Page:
Gangsta rap, a sub-genre emerges in the 90’s creating a long lasting buy on hip-hop. The integration of street violence and organized drug crimes in rap lyrics creates idolization of powerful drugs lords like Scarface. The fascination with big time old school traffickers influences power driven rap, educating listeners of the various criminal legacies.
Scarface, a powerful figure on the big screen is a figure of validation to be a public rebel. Tony Montana would be his government name on film; however, Tony Montana himself is a fictional character who is modeled after Al Capone. But does this exemplify the idolization of the troubled criminals, versus their brilliance to commit such crimes? Or is it defile or immoral to the standards of the American rule?
Getting To Know Tony Montana
Brian De Palma, director box office hits such as Carrie (1976) and Dressed To Kill (1980) brought the gangster genre to life in 1983, according to ScreenRant. Handpicking Al Pacino as Tony, was the pivotal moment of refining Pacino’s career as a thespian.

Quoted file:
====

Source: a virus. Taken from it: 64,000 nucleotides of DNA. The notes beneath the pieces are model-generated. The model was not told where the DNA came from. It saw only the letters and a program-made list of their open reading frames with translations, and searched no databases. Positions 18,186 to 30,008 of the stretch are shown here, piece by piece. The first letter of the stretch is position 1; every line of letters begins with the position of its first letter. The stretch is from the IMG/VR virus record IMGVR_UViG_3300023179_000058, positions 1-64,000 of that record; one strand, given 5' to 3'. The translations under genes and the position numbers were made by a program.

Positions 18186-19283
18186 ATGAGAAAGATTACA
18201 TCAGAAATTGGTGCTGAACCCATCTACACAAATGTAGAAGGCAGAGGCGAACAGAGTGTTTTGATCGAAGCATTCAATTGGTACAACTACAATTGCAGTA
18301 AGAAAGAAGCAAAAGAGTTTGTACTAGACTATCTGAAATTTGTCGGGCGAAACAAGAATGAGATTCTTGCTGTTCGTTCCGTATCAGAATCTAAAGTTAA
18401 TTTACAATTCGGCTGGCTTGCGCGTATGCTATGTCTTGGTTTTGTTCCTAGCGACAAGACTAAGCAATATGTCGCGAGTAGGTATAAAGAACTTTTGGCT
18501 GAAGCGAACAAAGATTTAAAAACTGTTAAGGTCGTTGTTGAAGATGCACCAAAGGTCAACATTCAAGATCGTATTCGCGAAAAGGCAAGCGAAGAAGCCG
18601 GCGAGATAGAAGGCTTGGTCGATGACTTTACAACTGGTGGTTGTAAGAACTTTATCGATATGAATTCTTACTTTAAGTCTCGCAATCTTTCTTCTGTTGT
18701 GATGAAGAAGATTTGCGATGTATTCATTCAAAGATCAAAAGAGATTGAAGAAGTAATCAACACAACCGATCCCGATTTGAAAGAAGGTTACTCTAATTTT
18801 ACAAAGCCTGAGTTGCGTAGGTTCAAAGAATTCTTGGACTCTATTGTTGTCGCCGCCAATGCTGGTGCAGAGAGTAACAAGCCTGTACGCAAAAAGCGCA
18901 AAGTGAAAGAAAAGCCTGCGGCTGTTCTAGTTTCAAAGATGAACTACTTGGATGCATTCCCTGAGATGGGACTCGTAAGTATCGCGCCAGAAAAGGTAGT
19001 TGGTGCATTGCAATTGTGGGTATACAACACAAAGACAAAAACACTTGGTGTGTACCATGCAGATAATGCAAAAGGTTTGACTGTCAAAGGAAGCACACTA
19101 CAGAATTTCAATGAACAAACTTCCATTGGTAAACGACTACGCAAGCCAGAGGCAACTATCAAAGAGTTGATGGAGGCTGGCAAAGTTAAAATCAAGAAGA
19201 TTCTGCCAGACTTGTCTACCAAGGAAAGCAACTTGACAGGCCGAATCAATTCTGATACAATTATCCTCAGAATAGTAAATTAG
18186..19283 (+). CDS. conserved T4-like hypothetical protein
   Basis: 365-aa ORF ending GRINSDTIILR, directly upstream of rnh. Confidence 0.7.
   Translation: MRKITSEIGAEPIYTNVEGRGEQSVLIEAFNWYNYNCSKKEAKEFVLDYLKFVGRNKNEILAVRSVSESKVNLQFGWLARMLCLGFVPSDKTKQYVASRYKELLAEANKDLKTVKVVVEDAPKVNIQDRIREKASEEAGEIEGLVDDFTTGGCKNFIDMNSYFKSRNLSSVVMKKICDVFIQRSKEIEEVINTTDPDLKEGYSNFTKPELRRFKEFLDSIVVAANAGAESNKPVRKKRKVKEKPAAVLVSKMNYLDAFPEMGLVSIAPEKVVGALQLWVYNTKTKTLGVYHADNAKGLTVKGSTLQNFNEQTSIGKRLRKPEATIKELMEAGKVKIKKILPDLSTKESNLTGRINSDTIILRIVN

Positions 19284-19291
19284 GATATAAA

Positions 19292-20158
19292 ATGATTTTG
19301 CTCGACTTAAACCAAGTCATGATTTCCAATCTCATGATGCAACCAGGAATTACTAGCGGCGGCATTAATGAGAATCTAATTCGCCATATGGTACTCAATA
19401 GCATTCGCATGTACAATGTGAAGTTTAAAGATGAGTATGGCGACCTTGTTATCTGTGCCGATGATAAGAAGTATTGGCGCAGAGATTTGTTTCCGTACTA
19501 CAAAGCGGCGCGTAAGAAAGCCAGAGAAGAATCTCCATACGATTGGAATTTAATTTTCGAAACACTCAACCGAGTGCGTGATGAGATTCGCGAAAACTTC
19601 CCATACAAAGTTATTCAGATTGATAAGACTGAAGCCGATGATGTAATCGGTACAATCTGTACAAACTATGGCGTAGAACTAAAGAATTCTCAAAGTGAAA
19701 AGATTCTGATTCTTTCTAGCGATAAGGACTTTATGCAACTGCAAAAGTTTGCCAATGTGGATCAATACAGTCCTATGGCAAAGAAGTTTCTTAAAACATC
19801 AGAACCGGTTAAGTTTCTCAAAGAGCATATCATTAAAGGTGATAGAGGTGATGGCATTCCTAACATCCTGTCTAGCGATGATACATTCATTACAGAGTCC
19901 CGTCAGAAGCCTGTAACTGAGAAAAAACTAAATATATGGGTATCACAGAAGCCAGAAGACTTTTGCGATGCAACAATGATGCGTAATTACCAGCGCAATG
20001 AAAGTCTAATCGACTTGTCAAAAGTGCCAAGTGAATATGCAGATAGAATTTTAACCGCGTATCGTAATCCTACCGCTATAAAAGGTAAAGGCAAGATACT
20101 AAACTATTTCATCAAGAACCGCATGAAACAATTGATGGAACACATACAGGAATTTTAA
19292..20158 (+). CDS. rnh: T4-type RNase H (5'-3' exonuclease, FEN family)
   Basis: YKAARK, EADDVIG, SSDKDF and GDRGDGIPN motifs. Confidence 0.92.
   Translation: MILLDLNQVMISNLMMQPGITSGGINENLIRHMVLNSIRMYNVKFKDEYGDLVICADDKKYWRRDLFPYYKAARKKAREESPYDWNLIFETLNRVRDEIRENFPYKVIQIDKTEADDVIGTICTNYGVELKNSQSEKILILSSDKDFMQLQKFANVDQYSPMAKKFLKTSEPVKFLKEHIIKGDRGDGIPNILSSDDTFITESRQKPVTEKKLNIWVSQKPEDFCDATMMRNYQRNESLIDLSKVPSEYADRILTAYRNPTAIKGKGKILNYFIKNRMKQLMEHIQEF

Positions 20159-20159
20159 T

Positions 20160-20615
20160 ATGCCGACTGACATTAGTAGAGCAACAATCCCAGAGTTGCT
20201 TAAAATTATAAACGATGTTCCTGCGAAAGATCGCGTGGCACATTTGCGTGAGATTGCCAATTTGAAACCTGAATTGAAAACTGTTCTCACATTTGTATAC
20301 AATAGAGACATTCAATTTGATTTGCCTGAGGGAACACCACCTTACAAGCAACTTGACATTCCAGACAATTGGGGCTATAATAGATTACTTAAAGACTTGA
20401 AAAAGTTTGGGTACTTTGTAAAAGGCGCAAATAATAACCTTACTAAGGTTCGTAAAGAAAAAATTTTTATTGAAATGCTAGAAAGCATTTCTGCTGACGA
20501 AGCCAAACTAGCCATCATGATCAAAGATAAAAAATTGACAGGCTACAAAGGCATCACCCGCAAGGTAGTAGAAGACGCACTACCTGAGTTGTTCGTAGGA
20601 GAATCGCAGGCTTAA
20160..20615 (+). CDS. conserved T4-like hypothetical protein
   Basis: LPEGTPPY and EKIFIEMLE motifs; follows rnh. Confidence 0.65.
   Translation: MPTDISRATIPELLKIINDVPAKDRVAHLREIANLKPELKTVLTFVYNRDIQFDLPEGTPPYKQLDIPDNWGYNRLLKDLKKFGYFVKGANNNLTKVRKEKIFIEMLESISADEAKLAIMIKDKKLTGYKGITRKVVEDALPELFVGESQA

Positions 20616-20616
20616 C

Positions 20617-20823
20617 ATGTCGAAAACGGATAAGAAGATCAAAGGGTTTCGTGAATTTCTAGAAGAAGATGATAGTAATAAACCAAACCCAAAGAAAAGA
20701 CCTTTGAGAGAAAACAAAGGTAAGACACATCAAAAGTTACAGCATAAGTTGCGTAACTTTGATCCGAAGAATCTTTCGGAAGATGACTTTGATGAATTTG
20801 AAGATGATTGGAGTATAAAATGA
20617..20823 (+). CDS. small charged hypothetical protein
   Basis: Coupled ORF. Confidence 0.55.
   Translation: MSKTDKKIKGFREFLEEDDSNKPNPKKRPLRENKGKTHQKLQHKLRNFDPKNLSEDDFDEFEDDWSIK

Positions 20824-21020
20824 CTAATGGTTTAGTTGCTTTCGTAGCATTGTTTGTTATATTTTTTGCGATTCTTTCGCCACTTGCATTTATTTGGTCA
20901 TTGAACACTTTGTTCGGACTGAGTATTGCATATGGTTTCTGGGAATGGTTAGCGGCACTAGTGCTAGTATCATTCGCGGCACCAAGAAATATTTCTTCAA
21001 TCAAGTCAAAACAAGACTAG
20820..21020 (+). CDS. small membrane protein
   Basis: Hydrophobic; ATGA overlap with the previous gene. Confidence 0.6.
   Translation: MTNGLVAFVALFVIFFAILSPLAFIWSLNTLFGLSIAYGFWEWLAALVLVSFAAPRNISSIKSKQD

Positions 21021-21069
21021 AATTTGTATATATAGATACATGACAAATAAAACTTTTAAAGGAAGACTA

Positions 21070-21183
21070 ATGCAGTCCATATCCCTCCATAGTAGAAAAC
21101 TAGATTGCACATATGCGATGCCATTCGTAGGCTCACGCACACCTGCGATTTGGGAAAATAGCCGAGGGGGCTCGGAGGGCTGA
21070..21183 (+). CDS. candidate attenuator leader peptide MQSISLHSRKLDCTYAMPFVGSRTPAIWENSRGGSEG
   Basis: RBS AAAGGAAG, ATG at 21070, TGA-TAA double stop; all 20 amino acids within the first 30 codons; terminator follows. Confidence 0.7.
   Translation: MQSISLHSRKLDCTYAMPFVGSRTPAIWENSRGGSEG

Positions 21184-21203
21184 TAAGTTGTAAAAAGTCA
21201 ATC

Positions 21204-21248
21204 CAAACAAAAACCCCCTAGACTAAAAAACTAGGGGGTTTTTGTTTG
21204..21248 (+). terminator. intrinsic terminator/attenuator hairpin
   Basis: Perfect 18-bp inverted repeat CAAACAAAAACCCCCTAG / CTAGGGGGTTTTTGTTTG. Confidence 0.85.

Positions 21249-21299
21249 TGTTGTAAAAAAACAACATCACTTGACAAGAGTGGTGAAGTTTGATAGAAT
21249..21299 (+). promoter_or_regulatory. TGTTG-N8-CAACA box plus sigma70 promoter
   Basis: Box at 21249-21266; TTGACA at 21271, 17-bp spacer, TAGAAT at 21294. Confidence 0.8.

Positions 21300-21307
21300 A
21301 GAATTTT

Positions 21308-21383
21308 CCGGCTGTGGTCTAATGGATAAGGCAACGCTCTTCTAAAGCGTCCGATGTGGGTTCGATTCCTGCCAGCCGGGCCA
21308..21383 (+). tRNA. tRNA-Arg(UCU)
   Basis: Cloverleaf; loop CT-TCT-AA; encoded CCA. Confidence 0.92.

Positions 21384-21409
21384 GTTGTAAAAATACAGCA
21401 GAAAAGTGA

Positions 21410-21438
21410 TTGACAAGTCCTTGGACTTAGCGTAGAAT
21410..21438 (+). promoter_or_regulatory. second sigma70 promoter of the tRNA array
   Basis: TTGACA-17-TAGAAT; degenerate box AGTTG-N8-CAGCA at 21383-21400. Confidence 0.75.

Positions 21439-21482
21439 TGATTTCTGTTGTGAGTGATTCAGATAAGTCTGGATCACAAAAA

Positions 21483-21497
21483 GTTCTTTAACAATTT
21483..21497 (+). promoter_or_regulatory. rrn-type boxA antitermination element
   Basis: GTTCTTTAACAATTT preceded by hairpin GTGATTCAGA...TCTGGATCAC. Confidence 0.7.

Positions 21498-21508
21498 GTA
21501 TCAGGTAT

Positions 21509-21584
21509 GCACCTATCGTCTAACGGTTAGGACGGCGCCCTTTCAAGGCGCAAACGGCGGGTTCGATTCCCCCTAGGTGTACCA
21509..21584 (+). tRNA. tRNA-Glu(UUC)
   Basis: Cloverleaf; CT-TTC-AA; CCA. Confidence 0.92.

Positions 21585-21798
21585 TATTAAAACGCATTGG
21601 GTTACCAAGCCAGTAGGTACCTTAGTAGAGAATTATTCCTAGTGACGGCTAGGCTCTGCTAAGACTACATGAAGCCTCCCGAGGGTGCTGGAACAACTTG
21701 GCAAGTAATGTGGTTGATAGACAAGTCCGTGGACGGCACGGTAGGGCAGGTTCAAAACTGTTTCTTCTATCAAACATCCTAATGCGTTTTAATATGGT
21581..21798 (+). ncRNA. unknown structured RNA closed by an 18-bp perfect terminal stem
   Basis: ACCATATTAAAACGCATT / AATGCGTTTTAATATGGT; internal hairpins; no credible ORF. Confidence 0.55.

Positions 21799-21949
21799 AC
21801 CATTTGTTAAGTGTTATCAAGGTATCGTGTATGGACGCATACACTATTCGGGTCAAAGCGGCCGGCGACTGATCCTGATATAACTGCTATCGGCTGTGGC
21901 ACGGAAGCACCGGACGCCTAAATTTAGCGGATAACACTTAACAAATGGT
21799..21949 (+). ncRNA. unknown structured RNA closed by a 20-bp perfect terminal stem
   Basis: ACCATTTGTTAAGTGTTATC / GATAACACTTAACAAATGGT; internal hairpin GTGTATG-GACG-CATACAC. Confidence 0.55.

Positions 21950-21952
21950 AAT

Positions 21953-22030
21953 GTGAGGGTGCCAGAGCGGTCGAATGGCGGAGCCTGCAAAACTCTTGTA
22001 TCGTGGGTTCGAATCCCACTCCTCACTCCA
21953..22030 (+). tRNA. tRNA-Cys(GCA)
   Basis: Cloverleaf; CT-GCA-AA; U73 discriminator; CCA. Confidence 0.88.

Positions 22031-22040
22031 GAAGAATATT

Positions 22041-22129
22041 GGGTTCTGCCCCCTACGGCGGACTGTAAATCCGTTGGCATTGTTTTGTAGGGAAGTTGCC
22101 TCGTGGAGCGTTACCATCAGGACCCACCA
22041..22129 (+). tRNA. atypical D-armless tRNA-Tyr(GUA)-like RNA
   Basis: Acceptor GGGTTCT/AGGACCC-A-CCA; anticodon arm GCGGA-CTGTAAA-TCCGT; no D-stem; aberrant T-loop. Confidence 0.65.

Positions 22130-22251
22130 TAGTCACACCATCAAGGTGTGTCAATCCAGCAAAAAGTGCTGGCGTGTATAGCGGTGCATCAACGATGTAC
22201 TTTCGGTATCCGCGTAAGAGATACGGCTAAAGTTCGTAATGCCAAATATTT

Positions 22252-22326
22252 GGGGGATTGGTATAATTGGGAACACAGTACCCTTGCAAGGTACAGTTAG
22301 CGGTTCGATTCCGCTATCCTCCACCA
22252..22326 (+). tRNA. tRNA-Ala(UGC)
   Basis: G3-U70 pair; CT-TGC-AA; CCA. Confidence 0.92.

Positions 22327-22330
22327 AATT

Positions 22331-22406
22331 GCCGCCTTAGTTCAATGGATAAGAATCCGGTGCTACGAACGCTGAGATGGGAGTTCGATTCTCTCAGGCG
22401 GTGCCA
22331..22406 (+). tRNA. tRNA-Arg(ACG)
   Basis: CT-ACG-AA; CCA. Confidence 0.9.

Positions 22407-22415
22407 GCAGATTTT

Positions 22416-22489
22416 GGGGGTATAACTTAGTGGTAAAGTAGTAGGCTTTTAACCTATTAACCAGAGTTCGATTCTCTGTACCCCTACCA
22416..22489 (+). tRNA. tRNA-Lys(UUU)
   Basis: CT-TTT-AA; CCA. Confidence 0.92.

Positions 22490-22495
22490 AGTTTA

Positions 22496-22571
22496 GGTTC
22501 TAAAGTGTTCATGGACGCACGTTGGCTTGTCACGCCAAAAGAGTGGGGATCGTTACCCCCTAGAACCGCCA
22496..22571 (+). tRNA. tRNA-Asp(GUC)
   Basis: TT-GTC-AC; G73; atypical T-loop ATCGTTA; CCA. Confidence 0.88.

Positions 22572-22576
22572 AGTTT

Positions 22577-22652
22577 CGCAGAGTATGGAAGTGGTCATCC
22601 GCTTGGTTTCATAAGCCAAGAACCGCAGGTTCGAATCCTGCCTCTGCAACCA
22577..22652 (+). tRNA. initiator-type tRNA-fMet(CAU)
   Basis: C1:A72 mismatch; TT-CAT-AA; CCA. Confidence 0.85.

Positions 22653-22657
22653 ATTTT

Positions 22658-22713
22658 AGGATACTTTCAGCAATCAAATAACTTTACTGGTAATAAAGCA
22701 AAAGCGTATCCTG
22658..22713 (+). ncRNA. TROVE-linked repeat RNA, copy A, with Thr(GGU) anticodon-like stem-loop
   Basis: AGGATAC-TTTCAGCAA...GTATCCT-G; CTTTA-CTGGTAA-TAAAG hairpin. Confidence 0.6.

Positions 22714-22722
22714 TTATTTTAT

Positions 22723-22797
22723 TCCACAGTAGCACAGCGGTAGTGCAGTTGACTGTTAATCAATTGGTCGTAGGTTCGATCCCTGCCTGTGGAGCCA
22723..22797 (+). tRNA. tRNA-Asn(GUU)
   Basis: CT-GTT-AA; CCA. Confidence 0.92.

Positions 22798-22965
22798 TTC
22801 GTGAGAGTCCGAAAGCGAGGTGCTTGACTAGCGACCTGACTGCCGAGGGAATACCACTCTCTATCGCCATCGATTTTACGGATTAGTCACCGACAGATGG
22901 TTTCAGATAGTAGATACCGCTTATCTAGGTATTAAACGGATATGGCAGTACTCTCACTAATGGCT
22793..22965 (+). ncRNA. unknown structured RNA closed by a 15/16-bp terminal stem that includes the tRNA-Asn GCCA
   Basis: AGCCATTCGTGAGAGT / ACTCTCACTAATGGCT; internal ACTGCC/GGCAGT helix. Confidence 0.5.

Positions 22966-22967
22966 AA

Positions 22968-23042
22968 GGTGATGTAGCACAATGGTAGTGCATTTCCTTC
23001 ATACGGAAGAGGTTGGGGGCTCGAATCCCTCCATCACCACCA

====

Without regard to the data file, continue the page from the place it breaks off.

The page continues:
Capone, once slashed in the face three times, gained the name Scarface.
The screenwriter, Oliver Stone, created Montana after Tony Camonte. He is the star of the 1932 movie, who also emulates Capone. Montana comes from his favorite NFL player Joe Montana, according to ScreenRant.
Scarface is a remake of the original 1932 film. Howard Hawks directs the film in which derives from 1929 novel Armitige Trail. In the film, Tony arrives to Miami as a Cuban refugee who gets entangled in in the drug business. He and his friends kill a Miami drug lord, in exchange, they barter green cards. The movie is a veteran box office hit that reflects the life of betrayal and murdering of Tony Montana.
Hip-Hop’s Idolization Of Scarface
The movie Scarface centers around thinking big, multitudes of success earned in unconventional, dangerous ways. Rappers, mostly those who are from the streets, can identify with going god speeding from rags to riches. Because rappers gain a source of inspiration from their bias perspectives of survival, Scarface is a notable figure to write about.
According to Hip Hop News Journal, legendary rapper, Raekwon of the Wu-Tang Clan mentioned the movie in his song “Criminology” on his 1995 album, Only Built For Cuban Links. He was one of the first artists to mention Scarface.
The narrative of the hip-hop nuance of gangster rap culture and its predisposition with crime rebellion represents the eminent legacy of Scarface.